Consider Gina and Belinda
Little Christer, 1955
From The Smart Set:
In this small but engaging show, Strömholm documents these women’s lives in public and private. He gives us intimate scenes from inside drab hotel rooms and claustrophobic bathrooms, where the women stare at the camera through their reflections in the mirror, a double image that underscores the residue of theater present even in such private moments. It is the gaze that is a constant. These women turn to us again and again with a direct and unashamed pleasure at being viewed.
But the more striking photos are taken on the streets of Montmartre, in the cafés and brasseries between Pigalle and Place Blanche, all within the swirl of the area’s mix of nightclubs and sex shops, dance halls and freak shows, which had given the area its aura of bohemian excitement for bourgeois pleasures since the late 19th century. Strömholm used the artificial light of the city’s nighttime scenes — the interior bars and exterior street lamps — to create images that hold a precisely noir feel, transforming his subjects from sidewalk denizens into intriguing icons of beauty and allure. The lighting creates harsh shadows and glittery sparks that accentuate the playful gestures or serious looks of these women. At times I thought I could detect fragments of Henri Cartier-Bresson’s eye in certain photographs. But with the dark shadows and artificial light, these images present a much more theatrical effect, recalling experiments in French cinema in the period. One photograph, “Little Christer” (1955), shows a small boy standing in front of a make-shift elevated stage. We can only see the legs of the men and women on stage. But the image is about the light that floods the stage floor and spills onto the boy, who stands alone, enthralled with the stage and the light. The crowd behind him vanishes into the darkness of the evening. This is the theatrics that shape much of Strömholm’s work. We seem to sit there, with him and his subjects, mesmerized by the light of the moment, while darkness is all around.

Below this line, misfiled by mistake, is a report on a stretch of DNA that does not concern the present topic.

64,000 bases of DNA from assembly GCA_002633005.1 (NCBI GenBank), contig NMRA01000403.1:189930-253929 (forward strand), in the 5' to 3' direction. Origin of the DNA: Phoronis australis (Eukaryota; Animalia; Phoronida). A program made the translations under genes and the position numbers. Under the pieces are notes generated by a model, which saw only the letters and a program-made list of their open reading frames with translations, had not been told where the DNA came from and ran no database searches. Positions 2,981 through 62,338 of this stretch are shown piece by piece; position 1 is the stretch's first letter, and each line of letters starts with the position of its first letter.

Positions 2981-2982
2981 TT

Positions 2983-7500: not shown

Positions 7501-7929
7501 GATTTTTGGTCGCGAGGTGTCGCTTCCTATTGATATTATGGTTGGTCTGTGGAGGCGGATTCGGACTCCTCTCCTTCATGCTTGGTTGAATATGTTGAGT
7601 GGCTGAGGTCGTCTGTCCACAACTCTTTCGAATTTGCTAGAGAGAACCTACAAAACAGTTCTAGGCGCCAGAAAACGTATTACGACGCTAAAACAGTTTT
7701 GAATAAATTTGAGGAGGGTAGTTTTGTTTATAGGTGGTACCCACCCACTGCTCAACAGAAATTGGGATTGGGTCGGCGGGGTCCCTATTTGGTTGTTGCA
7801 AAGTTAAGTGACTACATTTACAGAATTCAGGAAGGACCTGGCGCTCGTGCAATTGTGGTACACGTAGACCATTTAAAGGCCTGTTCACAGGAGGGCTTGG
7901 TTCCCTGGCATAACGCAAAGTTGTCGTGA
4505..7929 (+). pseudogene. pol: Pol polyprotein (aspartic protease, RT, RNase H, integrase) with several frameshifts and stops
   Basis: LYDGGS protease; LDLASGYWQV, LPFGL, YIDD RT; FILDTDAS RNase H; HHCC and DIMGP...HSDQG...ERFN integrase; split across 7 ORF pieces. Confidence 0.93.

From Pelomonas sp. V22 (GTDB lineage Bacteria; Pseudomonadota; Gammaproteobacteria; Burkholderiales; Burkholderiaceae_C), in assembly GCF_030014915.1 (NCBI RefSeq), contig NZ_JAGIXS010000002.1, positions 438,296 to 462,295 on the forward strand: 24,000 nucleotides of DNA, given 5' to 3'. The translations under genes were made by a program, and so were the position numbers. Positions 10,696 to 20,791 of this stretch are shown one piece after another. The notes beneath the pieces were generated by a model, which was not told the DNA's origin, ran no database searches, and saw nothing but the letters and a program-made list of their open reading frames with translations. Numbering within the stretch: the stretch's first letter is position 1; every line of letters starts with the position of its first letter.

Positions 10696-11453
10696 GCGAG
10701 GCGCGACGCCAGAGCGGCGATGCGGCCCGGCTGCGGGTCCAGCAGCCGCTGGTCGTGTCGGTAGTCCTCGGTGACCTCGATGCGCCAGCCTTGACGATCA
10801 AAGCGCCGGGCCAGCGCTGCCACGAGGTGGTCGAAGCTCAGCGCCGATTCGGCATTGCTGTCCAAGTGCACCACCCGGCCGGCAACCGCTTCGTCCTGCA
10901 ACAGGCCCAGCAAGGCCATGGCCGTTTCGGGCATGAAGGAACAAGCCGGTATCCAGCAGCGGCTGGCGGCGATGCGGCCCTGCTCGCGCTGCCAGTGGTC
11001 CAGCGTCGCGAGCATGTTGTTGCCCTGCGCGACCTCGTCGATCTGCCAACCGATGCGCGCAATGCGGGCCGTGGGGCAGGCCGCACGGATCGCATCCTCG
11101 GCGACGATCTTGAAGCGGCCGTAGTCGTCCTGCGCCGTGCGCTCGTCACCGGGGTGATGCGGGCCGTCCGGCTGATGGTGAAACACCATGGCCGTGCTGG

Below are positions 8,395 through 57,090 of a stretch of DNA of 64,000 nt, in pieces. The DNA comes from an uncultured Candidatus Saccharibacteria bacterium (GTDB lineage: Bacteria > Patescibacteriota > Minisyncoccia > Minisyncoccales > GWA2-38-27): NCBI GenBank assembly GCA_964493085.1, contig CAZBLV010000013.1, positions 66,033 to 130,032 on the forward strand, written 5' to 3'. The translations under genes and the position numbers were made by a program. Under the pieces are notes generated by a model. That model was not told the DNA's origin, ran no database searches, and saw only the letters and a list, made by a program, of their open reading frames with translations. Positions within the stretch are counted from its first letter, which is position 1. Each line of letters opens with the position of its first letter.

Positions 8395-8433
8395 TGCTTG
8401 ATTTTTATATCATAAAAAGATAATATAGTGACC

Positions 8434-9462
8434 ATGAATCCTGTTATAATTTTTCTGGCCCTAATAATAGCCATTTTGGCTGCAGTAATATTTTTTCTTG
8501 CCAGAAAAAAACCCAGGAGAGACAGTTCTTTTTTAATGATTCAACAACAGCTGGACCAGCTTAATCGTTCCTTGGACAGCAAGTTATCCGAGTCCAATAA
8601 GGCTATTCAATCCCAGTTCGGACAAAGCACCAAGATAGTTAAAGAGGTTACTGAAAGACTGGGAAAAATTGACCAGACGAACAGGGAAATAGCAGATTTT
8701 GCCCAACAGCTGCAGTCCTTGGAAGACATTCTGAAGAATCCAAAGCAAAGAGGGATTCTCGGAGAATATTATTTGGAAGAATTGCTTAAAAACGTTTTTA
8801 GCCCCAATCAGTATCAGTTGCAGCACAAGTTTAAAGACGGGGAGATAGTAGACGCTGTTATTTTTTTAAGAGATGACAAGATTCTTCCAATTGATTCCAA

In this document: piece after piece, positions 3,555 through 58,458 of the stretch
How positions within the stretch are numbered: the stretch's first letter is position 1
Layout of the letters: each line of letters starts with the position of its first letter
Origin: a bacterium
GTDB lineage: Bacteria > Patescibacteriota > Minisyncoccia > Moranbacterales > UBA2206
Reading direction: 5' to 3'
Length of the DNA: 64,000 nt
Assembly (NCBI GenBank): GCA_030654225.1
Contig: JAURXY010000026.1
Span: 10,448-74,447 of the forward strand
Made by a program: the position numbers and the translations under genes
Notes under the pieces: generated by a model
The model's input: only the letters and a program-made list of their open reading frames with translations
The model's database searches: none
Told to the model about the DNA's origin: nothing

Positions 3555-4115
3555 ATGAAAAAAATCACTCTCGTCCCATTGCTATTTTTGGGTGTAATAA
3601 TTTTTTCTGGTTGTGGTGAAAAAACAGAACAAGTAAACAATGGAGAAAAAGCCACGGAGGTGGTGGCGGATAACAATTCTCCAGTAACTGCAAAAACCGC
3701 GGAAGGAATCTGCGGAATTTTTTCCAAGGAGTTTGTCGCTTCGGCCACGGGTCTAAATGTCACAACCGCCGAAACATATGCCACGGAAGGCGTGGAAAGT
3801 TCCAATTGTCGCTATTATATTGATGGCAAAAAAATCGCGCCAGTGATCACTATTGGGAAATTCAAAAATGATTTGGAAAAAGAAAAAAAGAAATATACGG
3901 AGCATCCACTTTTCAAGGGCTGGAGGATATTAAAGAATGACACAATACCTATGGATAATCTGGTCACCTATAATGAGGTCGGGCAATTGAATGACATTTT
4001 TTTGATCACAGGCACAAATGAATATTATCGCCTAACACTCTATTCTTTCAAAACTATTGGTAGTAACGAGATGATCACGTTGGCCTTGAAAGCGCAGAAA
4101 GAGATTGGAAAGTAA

Take “Gina” (1963), for example. The figure poses on the cobbled street, her tightly tailored white dress contrasting with the darkened background, her hands resting on her left knee as her body slightly bends forward. Her face exudes a comfortable pleasure in front of Strömholm’s camera. You look at such a photo, taken with charm and elegance on the streets of Paris, and you forget that it was illegal in de Gaul’s France for a man to wear a dress.
Like Brassai’s images of the Paris nightlife of a different era, Strömholm’s photographs capture a mood as much as a person, a moment recorded in time and place as much as a scene framed for the camera’s eye. But unlike Brassai’s distant and often voyeuristic visions of Paris, Strömholm’s images turn what was deemed strange (and illegal) into a simplicity of beauty and charm.
Consider “Belinda” (1967), whose subject reclines amidst a pillow of white, the soft skin of fur wrapped around her torso, her face playful and seductive. It is true that many of these women worked as prostitutes and dance hall objects of attraction. They trafficked their powers of performance and play toward bodily and visual pleasures for eager patrons. And it is perhaps this theatricality of life that merged public image with private imaginings that makes Strömholm’s work so intimately appealing. Images of the women in more casual moments together and alone, half-naked, but always in makeup underscore not only Strömholm’s trusted place in the community, but also a compelling quality to his portraits that explore the line between documentary and scrapbook. These portraits so often make the private so attractively public.